Yet despite Australians’ penchant for international travel, research by Tourism Research Australia (TRA) reports that domestic tourists were already outspending their international counterparts by a ratio of 2:1 before borders closed earlier this year. In 2019, more than nine million international visitors to this country spent a total of $45 billion — a significant proportion of which wouldn’t have benefitted the Australian economy. Australians, by comparison, spent $107 billion on domestic overnight travel and daytrips, and $65 billion on international trips (of which around half encompassed holiday travel). With the International Air Transport Association predicting air passenger numbers won’t return to pre-COVID levels until 2023–24, the potential for a domestic-led tourism recovery is immense.

There are potential roadblocks to a full recovery, of course. Though popular regions are thrumming with holidaymakers and economic forecasts are good, the long-term impact of the pandemic on household incomes can’t yet be measured, and a negative outcome would be deleterious for domestic tourism. Furthermore, the spending habits of local travellers differ from those visiting from afar. Domestic tourists tend to take shorter trips and engage in fewer activities than their international counterparts; we are more self-sufficient when travelling locally than abroad.

We couldn’t have known, when Tourism Australia launched its ‘Holiday Here This Year’ campaign from the ashes of the New Year fires that it would soon become the only place we could holiday in at all. How curious that it took a pandemic to refocus our attention on ourselves as a nation and as a people. But as we move into still-uncharted waters, we should guard against the very blight we (along with our foreign counterparts) have wrought upon destinations deemed fashionable and therefore overrun by too many tourists. Let’s seek out the nameless hamlets and engage the anonymous small businesses along with those that are already famous or becoming better-known. And let’s not forget, when international travel finally resumes, that there’s a whole world worth exploring on our very own doorstep.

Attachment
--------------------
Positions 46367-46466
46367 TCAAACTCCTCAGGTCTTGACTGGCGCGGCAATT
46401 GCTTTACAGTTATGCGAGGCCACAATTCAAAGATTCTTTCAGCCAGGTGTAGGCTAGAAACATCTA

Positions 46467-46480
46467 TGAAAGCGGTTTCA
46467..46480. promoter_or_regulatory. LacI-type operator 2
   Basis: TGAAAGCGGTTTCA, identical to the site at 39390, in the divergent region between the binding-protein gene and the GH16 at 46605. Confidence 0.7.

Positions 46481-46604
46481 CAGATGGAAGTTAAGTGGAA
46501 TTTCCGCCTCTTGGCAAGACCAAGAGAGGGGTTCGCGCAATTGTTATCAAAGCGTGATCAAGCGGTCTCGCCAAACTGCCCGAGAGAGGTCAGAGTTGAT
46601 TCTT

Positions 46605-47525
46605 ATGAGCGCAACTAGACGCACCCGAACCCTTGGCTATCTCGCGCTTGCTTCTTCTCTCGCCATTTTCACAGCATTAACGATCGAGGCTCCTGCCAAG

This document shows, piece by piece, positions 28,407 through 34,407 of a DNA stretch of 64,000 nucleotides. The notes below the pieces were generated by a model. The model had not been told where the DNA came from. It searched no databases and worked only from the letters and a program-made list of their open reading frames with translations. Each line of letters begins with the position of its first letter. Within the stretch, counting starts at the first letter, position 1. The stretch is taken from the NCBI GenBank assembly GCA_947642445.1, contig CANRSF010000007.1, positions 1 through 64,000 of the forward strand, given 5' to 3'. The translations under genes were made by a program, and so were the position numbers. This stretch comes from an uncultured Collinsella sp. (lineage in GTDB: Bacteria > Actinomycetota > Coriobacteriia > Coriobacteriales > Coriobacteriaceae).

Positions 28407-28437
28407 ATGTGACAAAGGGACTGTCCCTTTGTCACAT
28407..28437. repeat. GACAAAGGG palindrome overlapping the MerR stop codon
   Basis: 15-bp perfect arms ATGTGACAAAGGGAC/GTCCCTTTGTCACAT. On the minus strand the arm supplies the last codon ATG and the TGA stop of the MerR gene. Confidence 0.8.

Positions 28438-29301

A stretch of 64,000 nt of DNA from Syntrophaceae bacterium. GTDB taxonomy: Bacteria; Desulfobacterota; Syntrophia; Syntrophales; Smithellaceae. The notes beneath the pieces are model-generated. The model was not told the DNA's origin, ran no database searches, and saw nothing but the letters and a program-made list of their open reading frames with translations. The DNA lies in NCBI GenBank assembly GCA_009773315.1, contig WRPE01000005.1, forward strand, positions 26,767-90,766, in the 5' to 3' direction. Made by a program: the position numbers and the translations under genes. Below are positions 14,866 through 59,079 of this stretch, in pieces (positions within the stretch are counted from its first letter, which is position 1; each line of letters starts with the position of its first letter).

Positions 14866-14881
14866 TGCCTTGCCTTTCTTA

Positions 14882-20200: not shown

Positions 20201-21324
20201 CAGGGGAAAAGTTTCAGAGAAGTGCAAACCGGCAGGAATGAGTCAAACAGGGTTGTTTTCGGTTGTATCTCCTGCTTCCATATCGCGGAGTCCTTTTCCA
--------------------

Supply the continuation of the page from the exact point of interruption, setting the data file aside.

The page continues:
Catherine MarshallCatherine Marshall is a Sydney-based journalist and travel writer. 

Main image: View for cluster of local pink granit boulder over looking valley leading towards township of Tarana in Central NSW. Near Bathurst. (John Clutterbuck/Getty Images)

Topic tags: Catherine Marshall, Australia, travel, tourism, Orange, COVID-19

 

 

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Existing comments

Visiting at home is good. You can’t be arrested under pretext by a foreign authoritarianism.
roy chen yee | 10 December 2020


Australia is really a very beautiful, and joyful country. The joy born of the same beauty, and mystery concealed within a hidden black opal. And is a reminder of Seneca's words to Lucilius: "Above all, my dear Lucilius, make this your business: learn how to feel joy".
AO | 14 December 2020


Another advantage of domestic tourism is that it is far less dependent on the exploitation of an underclass that mont external tourist destinations.
Ginger Meggs | 16 December 2020


Ginger Meggs: “Another advantage of domestic tourism is that it is far less dependent on the exploitation of an underclass ... external tourist destinations.” True. Visit a poor country and you’re caught in the Pontius Pilate trap: ecce the homo and wash your hands of him.
roy chen yee | 23 December 2020